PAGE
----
Hamzeh said each of them would have to kill everyone around him, "to annihilate everyone, there is no one left, I mean when we go into a room, we will be killing everyone, that's it, this is our duty."
The exit plan was to leave by the stairs and out the door, quietly and calmly. "We leave, as if there is nothing, no running, no panic, just regular walking."
Global reaction predictedHe predicted the attack could bring global attention, the complaint states.
"I am telling you, if this hit is executed, it will be known all over the world. Sure, all over the world, all the Mujahedeen will be talking and they will be proud of us."
Of the target, he said, according to the complaint: "They are all Masonic; they are playing with the world like a game, man, and we are like asses, we don't know what is going on, these are the ones who are fighting, these are the ones that needs to be killed, not the Shi'iat, because these are the ones who are against us, these are the ones who are making living for us like hell," he said.
"Thirty is excellent. If I got out, after killing thirty people, I will be happy 100% ... 100% happy, because these 30 will terrify the world."
Hamzeh met with undercover FBI agents on Monday. The undercover agents showed two weapons and a silencer to Hamzeh, and told him the weapons were capable of fully automatic fire, the complaint says.
Hamzeh agreed to a price and paid it to the undercover agents, who then handed Hamzeh a bag containing two automatic weapons and a silencer. Hamzeh carried the bag to his car and put the bag in the trunk of the vehicle, the complaint states. He then was arrested.
Robert J. Shields, special agent in charge of the Milwaukee FBI, said the arrest was the result of well-coordinated law enforcement work, "thwarting an attack that could have resulted in significant injury and/or loss of life."
Cary Spivak, Bruce Vielmetti, Jesse Garza and Mary Spicuzza of the Journal Sentinel staff contributed to this report.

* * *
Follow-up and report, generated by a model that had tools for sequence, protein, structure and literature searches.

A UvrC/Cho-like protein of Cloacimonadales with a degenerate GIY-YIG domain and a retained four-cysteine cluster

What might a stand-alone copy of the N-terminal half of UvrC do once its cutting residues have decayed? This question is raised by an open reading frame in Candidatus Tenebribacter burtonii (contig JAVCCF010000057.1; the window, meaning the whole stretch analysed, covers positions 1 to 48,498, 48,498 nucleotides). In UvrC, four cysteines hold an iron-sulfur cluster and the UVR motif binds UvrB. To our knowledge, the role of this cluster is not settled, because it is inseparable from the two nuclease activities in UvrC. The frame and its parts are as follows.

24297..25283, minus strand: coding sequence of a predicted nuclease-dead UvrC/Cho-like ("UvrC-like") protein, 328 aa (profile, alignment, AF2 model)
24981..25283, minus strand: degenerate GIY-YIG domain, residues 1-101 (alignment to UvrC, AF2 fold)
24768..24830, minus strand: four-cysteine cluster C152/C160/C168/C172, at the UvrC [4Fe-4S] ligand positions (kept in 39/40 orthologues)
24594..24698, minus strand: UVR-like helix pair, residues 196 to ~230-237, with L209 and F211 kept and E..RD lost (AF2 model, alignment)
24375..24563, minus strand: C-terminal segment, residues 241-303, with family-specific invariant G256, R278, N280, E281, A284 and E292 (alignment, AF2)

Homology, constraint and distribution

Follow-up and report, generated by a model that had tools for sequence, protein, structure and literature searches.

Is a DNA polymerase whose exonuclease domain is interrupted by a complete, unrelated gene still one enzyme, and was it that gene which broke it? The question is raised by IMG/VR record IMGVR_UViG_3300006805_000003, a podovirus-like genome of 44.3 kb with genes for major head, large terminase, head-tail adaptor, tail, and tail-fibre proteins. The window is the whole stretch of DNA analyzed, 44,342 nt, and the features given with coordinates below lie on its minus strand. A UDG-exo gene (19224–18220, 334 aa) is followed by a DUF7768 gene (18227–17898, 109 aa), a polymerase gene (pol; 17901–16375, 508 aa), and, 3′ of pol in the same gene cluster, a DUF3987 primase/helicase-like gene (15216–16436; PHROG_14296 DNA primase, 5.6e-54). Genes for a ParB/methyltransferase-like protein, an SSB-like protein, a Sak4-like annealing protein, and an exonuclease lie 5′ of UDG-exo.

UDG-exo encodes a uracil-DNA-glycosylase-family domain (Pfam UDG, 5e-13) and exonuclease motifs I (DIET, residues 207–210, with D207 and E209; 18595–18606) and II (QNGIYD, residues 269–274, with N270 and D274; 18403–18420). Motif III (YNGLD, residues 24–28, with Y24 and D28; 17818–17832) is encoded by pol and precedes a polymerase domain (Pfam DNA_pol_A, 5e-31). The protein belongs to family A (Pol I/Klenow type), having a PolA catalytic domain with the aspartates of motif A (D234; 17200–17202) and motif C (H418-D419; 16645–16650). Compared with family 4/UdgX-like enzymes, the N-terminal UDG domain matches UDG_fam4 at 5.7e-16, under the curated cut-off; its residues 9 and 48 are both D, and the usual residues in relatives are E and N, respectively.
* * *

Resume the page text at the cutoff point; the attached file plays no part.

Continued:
Ta-Nehisi Coates on Hillary Clinton's Strange History of Reconstruction - The Atlantic
Wed, 27 Jan 2016 12:20
Last night Hillary Clinton was asked what president inspired her the most. She offered up Abraham Lincoln, gave a boilerplate reason why, and then said this:
You know, he was willing to reconcile and forgive. And I don't know what our country might have been like had he not been murdered, but I bet that it might have been a little less rancorous, a little more forgiving and tolerant, that might possibly have brought people back together more quickly.
But instead, you know, we had Reconstruction, we had the re-instigation of segregation and Jim Crow. We had people in the South feeling totally discouraged and defiant. So, I really do believe he could have very well put us on a different path.
Clinton, whether she knows it or not, is retelling a racist'--though popular'--version of American history which held sway in this country until relatively recently. Sometimes going under the handle of ''The Dunning School,'' and other times going under the ''Lost Cause'' label, the basic idea is that Reconstruction was a mistake brought about by vengeful Northern radicals. The result was a savage and corrupt government which in turn left former Confederates, as Clinton puts, it ''discouraged and defiant.''
A sample of the genre is offered here by historian Ulrich Phillips:
Lincoln in his plan of reconstruction had shown unexpected magnanimity; the Republican party, discarding that obnoxious name, had officially styled itself merely Unionist; and the Northern Democrats, although outvoted, were still a friendly force to be reckoned upon '... With Johnson then on Lincoln's path ''back to normalcy'', Southern hearts were lightened only to sink again when radicals in Congress, calling themselves Republicans once more, overslaughed the Presidential programme and set events in train which seemed to make "the Africanization of the South" inescapable. To most of the whites, doubtless, the prospect showed no gleam of hope.
Notably absent from it is the fact that Lincoln was killed by a white supremacist, that Johnson was a white supremacist who tried to curtail virtually all rights black people enjoyed, that the ''hope'' of white Southerners lay in the pillage of black labor, that this was accomplished through a century-long campaign of domestic terrorism, and that for most of that history the federal government looked the other way, while state and local governments were complicit.